Shall I buy combined single limit auto insurance?


Combined single limit is one option of purchasing auto insurance, along with split-limits liability insurance. But whereas split limits liability coverage allocates three limits specifically for bodily injury per person, bodily injury per accident, and physical damage per accident, combined single limit liability does not differentiate between these three. Instead, one single amount of liability insurance is specified to cover both bodily injury and property damage.

Split Limit vs. Combined Single Limit

We can easily say that combined single limit insurance is the more flexible option of the two since it does not delimit the coverage amount according to different allocations. Instead, a combined single limit includes both damage to personal property and bodily injuries, regardless of the number of persons injured in an accident. Here is how it works:

Before singing the auto insurance agreement, you need to choose the maximum amount of liability coverage. This is an important figure, as it will determine your premiums and the sum which will indemnify the people injured and property damaged in a car accident caused by you.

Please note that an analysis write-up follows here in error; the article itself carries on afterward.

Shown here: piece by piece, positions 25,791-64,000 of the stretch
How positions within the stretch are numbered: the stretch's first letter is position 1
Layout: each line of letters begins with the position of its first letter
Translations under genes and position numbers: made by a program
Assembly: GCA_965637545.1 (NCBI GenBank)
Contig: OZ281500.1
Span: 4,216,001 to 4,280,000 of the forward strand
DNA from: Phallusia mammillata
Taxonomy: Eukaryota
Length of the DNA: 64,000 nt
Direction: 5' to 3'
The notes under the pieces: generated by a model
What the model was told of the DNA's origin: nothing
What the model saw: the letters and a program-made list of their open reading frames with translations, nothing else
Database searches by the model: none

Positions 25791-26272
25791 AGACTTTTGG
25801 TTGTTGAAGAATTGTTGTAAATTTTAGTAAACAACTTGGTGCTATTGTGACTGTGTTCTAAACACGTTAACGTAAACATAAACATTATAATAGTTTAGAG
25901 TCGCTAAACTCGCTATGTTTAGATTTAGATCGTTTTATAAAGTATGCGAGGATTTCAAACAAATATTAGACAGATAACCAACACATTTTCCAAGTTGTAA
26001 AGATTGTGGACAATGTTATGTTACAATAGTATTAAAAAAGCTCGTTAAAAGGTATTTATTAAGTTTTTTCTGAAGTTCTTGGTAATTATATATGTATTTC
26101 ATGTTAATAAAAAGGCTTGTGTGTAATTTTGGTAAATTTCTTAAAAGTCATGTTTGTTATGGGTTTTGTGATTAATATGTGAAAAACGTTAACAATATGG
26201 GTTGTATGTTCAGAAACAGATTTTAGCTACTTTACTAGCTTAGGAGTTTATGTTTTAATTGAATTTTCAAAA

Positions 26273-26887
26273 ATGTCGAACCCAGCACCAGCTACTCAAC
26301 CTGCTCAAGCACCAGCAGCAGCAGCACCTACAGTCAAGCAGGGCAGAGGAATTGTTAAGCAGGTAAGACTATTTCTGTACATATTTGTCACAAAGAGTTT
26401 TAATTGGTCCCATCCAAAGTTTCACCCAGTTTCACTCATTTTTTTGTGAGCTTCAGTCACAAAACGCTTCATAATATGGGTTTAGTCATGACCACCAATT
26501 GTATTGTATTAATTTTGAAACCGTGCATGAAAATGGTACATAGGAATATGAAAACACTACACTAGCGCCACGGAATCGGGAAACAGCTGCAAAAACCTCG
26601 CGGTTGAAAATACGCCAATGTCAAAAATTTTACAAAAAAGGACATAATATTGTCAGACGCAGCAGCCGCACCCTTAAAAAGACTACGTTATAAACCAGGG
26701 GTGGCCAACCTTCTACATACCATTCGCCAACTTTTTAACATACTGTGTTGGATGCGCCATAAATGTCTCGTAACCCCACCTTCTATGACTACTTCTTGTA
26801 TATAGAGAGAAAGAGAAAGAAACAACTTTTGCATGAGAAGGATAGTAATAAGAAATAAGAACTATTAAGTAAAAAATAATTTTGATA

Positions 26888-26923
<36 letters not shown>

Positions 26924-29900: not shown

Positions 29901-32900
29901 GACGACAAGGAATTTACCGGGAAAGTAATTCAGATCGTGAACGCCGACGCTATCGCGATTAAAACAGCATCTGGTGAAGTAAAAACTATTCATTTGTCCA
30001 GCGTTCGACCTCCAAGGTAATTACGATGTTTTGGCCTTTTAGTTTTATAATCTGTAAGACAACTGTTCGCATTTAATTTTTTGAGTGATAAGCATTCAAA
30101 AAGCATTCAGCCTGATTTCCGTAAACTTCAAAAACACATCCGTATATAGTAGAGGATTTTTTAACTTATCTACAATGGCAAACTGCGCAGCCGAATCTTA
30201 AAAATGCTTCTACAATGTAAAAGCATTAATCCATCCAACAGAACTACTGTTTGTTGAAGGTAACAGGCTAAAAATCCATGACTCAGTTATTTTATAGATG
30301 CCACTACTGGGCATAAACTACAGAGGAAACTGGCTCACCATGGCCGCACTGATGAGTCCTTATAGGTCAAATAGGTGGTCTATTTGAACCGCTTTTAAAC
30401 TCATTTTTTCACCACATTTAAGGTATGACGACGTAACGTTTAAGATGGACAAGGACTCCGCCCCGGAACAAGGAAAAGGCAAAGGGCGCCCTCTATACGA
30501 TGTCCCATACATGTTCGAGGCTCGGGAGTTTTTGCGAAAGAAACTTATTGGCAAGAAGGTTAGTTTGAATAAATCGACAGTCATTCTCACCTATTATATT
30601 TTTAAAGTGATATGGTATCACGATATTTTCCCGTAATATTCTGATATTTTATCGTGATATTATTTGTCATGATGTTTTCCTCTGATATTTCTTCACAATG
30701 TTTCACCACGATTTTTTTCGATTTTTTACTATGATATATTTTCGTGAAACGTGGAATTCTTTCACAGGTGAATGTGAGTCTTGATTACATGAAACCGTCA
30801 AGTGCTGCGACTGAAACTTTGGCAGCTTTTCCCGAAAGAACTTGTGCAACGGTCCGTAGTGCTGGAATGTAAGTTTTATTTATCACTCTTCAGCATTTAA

Unlike the split limit coverage where insureds need to set a concrete amount for injuries per person, per accident and for property damage, combined single limit insurance has one predetermined amount that covers all these. Single limit amount of about $500,000 is a reasonable choice so if yours is less than $300,000, you can raise the limits for a slightly higher premium.

Let us illustrate exactly how single limit coverage works:

You have a Personal Auto policy with a combined single limit of $200,000 and you cause an accident in which one person sustains $150,000 in bodily injuries, your auto policy will cover the expenses, plus any property damages if applicable. However, if three people are involved in an accident in which you are at fault, and they sustain injuries of $100,000 each, you will have to pay an additional $100,000 to cover the costs. 

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